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step to provide through billing service which we are using today quite extensively out of Kansas City, and Consolidated Freightways through Garrison now nearly has through billing service, not quite. I believe there has to be a watchdog agency.

Senator BARTLETT. Thank you, Mr. Anderson. The text of the remarks made at Ketchikan will appear in the printed record.

Mr. MCELROY. Let me ask you one question before you go.

Has the chamber made any estimate of what proportion of the total cost of living is accounted for by freight costs?

Mr. ANDERSON. No. There is a study in process on that, sir.
Mr. MCELROY. By the chamber?

Mr. ANDERSON. Yes, sir.

Senator BARTLETT. Your personal opinion, not seeking to bring it down to percentages, is that a material factor or not?

Mr. ANDERSON. No, sir, I don't believe it is.

Senator BARTLETT. Why, then, are prices X percent higher in Anchorage than in Seattle?

Mr. ANDERSON. The reason, sir, is the cost of labor and handling, the cost of money for financing the inventory, and the cost of construction of the facility which you have to have to serve the merchant. Senator BARTLETT. Thank you.

Mr. Scepurek, please.

Will you give your name and your mailing address to the reporter?


Mr. SCEPUREK. Albert L. Scepurek. I live here in Anchorage. My mailing address is Turpin Subdivision.

Senator BARTLETT. Do you have an exact address?

Mr. SCEPUREK. It is General Delivery at present.

Senator BARTLETT. General Delivery, Anchorage, Alaska?

My interest is mining. I have a prospect, several, across the Cook Inlet, and also in the upper Susitna Basin.

Senator BARTLETT. What kind of a prospect?

Mr. SCEPUREK. They are ores. I am referring to iron ore, coal, and other related minerals pertaining to iron ore smelting for use within the industry.

I want to thank Senator Bartlett and Senator Gruening, also Mr. Roloff for the fine cooperation and work, and the tremendous amount of work that they had performed in reducing this 30 percent Alaska added cost of freight which, you recall, was dropped this spring, on behalf of shipments of ores and materials to and from Alaska.

Is that the way it is interpreted?

Senator BARTLETT. Yes, that is right. The Trans-Pacific Freight Conference of Japan imposed a 30-percent surcharge upon shipments to Alaska, with certain exemptions being made for the port of Anchorage. They diminished that on the order of 10 percent initially. Certain pressures were exerted and it was finally wiped out.

However, this does not mean that surcharges will not be imposed by individual lines on individual transactions.


I should like to use this forum as an opportunity to say to the members of the Trans-Pacific Freight Conference of Japan that if they believe that they can use this other method as a continued means of discrimination against Alaska ports, they are going to have quite a fight on their hands.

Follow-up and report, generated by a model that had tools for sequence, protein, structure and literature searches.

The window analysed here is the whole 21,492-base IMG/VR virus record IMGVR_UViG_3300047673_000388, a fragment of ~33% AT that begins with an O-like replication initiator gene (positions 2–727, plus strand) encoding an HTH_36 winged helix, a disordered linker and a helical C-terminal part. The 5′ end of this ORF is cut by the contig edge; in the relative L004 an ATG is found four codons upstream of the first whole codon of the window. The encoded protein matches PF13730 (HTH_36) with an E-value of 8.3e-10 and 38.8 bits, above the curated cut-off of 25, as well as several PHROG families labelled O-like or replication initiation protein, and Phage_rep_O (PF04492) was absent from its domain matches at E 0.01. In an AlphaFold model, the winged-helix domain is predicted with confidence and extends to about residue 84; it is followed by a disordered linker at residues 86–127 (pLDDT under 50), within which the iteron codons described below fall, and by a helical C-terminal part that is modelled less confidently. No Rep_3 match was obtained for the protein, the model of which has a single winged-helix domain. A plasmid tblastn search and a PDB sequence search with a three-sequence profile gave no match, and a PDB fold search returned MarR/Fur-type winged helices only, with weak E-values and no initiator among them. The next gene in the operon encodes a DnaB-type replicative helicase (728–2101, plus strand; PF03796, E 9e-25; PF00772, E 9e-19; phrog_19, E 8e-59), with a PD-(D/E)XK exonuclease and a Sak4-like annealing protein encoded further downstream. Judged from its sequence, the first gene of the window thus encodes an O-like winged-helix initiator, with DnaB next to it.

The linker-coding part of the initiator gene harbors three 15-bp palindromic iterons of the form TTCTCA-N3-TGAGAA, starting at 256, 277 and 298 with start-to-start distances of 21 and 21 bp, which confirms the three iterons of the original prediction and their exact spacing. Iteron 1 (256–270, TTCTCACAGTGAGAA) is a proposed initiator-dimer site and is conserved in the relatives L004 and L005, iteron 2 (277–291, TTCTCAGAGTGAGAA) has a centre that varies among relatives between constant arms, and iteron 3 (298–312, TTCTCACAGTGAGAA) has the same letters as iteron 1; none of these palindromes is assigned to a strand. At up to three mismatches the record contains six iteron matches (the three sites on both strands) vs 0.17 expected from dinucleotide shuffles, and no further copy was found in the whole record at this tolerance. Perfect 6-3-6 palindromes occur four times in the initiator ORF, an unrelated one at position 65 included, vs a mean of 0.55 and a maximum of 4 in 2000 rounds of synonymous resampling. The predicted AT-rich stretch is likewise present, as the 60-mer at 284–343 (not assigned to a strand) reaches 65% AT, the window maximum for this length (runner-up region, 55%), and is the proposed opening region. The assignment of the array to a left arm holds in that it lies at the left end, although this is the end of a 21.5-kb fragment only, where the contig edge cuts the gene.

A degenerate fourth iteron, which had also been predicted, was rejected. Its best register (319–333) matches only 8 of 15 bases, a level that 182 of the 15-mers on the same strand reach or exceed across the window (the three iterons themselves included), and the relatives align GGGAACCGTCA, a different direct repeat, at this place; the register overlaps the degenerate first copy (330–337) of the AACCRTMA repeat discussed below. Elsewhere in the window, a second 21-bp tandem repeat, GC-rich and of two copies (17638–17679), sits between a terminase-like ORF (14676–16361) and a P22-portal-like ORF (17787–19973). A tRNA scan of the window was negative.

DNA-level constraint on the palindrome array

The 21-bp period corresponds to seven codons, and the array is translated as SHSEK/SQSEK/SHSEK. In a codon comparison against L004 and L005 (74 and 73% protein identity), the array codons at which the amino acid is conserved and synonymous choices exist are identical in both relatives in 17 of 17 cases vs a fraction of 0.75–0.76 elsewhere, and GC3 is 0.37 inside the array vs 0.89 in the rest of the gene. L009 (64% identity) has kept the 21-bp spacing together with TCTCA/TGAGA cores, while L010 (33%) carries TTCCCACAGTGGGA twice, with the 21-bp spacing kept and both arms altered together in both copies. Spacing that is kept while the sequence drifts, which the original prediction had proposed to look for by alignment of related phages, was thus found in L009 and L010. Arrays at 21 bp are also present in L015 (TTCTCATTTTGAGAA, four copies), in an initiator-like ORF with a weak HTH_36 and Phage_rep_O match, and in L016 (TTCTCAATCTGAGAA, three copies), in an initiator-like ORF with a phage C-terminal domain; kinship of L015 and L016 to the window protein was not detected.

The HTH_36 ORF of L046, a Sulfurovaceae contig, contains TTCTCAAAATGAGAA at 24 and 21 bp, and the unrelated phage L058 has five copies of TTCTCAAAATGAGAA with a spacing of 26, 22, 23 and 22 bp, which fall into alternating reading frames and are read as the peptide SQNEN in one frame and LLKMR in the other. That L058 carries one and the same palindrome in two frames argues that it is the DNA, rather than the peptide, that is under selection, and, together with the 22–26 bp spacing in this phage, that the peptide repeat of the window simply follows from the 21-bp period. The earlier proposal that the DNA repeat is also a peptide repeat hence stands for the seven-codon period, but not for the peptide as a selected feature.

Mr. SCEPUREK. Thank you, Senator Bartlett. I appreciate that. Together with all of the problems that plague us here in putting a deposit together, for instance, what I refer to as private mining or private enterprise in mining and shipping ores worldwide in competition with worldwide market, we have found repeatedly, and ran into the same problem time and time again where the cost of transportation, the inaccessibility of a road, and the demand on bridges and the causeway here in particular referring to a deposit 40 miles across the Cook Inlet near Anchorage, with rates so preposterous in transportation and also waterway transportation, or referring to the transportation by rail, equivalent to the price charged now, or the existing rate in referring to the coal transportation from the Palmer area and assimilating a bunch of figures to ship ore competitive out of the region, seems to be out of proportion with the price you would receive for it.

What I am referring to are ores of an enormous amount in quantity and yet on the borderline of quality, passing the rules of quality ores that can be shipped and compete in the world market.

Using a figure that would help clarify these conditions, if we would assume that the transportation of 40 miles would be within the $1.70 bracket by rail, and port-handling costs of between 35 and 70 centsnow I am using all round figures that would probably be workable from the minimum to the maximum—we find ourselves that we are so close to putting an export contract together that with just a little bit more cooperation on the part of the transportation systems, and the port here in Anchorage with an amicable solution, I mean being more amicable toward putting this trade together, we could achieve such shipments and sale of such deposits, and yet if they were being put together on these very high or expensive rates we have nothing to put together because the world market wouldn't stand it. We have found this, for example, in coal, in steam coal, that would be priced within $5 to $7 to $9 a ton. To compete with Alaskan coal with the Australian market, for example, we found we are priced out of the picture.